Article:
HONG KONG: The trial of the first person charged under Hong Kong’s national security law will conclude on Tuesday: the accused will be denied bail and a jury in a landmark case that critics say is a departure from common law.
Former waiter Tong Ying-kit, 24, pleaded not guilty to terrorism charges, incitement to secession, and alternative charges of dangerous driving and causing grievous bodily harm on July 1 last year, shortly after the law went into effect.
Hong Kong customary law has traditionally allowed defendants to seek release if prosecutors cannot provide a legal basis for their detention.
Under the new law, which some Western governments and rights groups say is being used to suppress dissent in the global financial center, the onus is on the defendant to prove he will not break the law if released on bail.
The governments of Beijing and Hong Kong have repeatedly stated that the new law is necessary to bring stability to the former British colony following anti-government protests in 2019.
Tong’s trial is presided over by three judges selected by Hong Kong pro-Beijing leader Carrie Lam (photo) to hear national security cases: Esther To, Anthea Pang and Wilson Chan. No jury.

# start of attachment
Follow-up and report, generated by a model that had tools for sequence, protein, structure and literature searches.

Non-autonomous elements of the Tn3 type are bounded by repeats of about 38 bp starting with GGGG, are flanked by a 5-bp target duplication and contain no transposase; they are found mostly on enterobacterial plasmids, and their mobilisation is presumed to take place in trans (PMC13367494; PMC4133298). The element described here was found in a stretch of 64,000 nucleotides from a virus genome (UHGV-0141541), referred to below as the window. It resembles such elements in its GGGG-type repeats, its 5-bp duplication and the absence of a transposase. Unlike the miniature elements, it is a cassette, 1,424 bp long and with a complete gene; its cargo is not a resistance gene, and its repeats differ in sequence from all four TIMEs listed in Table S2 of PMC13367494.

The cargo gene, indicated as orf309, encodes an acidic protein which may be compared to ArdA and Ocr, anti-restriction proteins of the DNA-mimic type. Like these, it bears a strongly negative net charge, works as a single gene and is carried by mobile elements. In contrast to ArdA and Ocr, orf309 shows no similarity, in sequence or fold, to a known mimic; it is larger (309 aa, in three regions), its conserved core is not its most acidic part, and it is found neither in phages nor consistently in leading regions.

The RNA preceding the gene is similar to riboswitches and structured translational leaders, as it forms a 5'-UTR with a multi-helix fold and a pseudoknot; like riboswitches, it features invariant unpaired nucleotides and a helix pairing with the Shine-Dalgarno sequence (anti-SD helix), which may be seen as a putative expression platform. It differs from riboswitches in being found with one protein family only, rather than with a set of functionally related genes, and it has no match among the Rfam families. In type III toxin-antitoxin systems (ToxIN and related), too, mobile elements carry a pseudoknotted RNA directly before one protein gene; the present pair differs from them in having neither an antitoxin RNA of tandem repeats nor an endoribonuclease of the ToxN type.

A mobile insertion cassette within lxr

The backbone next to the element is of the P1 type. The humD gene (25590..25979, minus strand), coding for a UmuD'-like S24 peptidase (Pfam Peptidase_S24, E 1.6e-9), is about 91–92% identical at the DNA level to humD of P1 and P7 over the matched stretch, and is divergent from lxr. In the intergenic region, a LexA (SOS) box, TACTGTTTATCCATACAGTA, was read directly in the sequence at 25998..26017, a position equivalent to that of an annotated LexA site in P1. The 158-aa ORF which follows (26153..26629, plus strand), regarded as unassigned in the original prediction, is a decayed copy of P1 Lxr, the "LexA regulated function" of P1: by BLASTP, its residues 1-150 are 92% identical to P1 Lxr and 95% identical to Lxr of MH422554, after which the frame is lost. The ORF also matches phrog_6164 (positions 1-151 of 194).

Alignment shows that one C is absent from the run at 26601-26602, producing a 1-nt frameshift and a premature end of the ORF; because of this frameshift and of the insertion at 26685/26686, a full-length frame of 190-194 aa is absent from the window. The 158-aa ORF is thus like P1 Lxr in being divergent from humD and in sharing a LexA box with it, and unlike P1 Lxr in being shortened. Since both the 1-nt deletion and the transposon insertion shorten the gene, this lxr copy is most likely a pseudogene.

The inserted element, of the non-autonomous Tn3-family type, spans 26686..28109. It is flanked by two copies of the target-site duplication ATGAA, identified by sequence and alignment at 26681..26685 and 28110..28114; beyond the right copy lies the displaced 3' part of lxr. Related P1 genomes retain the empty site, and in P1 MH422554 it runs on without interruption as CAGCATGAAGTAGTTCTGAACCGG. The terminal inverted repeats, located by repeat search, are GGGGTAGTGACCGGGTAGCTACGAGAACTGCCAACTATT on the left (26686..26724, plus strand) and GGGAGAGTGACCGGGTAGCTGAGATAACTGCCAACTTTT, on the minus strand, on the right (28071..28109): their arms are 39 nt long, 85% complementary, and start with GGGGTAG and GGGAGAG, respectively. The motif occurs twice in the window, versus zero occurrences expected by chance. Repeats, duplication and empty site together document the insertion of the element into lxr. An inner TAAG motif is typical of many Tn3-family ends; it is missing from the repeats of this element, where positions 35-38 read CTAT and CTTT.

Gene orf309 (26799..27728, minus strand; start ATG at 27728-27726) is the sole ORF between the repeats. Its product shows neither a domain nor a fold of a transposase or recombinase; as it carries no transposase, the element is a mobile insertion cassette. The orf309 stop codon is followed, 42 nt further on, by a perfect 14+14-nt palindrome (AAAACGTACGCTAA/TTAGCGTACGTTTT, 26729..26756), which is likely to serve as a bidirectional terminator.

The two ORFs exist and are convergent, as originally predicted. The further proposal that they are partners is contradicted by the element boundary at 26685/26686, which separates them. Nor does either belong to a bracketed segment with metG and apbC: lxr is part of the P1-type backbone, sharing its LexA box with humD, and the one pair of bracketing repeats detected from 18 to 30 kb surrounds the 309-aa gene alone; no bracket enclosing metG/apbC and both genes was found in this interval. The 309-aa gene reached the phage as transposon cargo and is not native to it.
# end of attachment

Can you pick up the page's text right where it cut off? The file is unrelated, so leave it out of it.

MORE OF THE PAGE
The Hong Kong judiciary describes the jury as one of the most important features of the city’s legal system, a common law tradition designed to offer defendants additional protection against abuse of power.
Article 46 of the security law drafted by Beijing, where the courts are controlled by the Communist Party and the conviction rate is close to 100%, sets out three cases of jury cancellation: protection of state secrets, cases involving foreign forces, and protection of juries. safety.
Tong, the first of more than 120 people arrested under security law, is accused of running his motorcycle over officers at a rally while carrying a protest flag “Free Hong Kong, the revolution of our time.”
Interpreting a protest slogan is a key element of the legal process. The government said it was proposing a call for independence, which would violate the security law. Defense lawyers argue that this is a phrase that has different meanings, including the desire for freedom and democracy.
The fate of Tonga could signal how the courts will deal with many other national security cases.Reuters